Definition of calendula in US English:

calendula

noun

  • A Mediterranean plant of a genus that includes the common or pot marigold.

    Genus Calendula, family Compositae

    • ‘Winter standby - calendulas, cyclamens, pansies, violas, primroses, stock and snapdragons - plus some of the hardy groundcovers, can be planted.’
    • ‘If you are tempted to plant annual flower seedlings, consider the most heat-tolerant ones such as petunias, calendulas, cosmos & African marigolds.’
    • ‘The calendula or pot marigold is a symbol of sunny days with good health, joy, and affection.’
    • ‘Keep an eye out for them on clematis, calendulas, chrysanthemums and zinnias.’
    • ‘Soothe dry skin irritations with chamomile, lavender, jasmine, elder flowers, red clover and herbs such as Irish moss, calendula, comfrey, marshmallow root and violets.’
    • ‘Plant calendula to encourage hoverflies whose larvae will eat huge quantities of greenflies.’
    • ‘Yellow and orange calendulas bloom through winter, as will pink and white English daisies and sweet-scented stock.’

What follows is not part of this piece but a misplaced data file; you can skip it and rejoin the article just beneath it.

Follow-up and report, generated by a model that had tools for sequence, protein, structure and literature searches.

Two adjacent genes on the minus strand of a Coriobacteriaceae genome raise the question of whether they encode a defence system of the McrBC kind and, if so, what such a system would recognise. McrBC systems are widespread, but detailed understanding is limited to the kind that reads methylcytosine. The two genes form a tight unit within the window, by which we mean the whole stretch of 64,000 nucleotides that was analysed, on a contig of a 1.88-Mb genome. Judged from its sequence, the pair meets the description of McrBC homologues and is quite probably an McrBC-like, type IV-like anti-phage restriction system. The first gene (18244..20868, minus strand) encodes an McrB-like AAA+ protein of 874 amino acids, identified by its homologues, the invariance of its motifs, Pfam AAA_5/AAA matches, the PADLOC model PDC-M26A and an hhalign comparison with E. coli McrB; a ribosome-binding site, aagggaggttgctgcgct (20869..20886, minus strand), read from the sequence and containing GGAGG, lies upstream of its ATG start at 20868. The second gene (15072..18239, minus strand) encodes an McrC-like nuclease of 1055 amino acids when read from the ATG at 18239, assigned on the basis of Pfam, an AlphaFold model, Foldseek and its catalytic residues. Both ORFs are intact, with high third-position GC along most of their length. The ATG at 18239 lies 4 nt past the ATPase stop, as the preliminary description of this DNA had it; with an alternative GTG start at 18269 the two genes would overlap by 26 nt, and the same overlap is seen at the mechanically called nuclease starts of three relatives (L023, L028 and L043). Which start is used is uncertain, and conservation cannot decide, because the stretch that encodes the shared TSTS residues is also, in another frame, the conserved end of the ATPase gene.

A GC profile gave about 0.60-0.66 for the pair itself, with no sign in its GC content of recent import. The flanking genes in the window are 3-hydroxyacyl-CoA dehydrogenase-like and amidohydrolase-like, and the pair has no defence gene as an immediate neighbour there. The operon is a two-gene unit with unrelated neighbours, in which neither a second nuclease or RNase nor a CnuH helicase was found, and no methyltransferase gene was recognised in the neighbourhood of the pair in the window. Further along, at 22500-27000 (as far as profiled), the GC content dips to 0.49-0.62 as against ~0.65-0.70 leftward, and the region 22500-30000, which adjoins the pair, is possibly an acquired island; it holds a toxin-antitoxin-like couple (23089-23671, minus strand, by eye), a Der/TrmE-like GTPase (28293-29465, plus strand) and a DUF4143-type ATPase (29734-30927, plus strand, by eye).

• ‘Sweet peas, pansies and calendulas are fairly cold tolerant and should be planted as soon as soil can be easily worked.’
    • ‘Reserve some space for colorful annuals like zinnia, marigold, calendula, alyssum, and cosmos.’
    • ‘Many flowers are edible, the most common culinary varieties being calendula, chrysanthemum, daylily, nasturtium, pansy, violet and zucchini.’
    • ‘Particularly good trap crops include: green lettuce, cabbage, calendula, marigolds, comfrey leaves, zinnias and beans.’
    • ‘These include sweet peas. calendulas, poppies and larkspur.’
    • ‘A handful of seasonal blooms - magenta dahlias, rusty orange calendulas, and rosy viburnum berries - celebrate the fall harvest.’
    • ‘But once the flowers were spent, she couldn't always remember which was the orange calendula and which was the yellow one, or which scabiosa was lavender and which was deep purple.’
    • ‘Edible flowers, such as nasturtiums, pansies, violets, and calendulas, are also good.’
    • ‘Edible flowers such as nasturtium, calendula, and borage do well at the base.’
    • ‘For most, the presence of flowers such as roses, peonies, chrysanthemums, lilies, irises and calendulas for instance represents an aesthetic uplifting of spirit.’
    • ‘It may be a little early to start summer annuals, but pansies, violas, snapdragons, calendulas and more will go strong until June or even later if planted anew now.’
    • ‘Buy young plants of calendula, Iceland poppy, pansy, primrose, snapdragon, stock, and viola.’
    • ‘Pansies are prone to fungal infections and young plants rot easily and calendulas can also fall prey to moulds, so I tend to plant these as seedlings too.’

Origin

Modern Latin, diminutive of calendae (see calends); perhaps because it flowers for most of the year.

Pronunciation

calendula

/kəˈlɛndʒələ//kəˈlenjələ/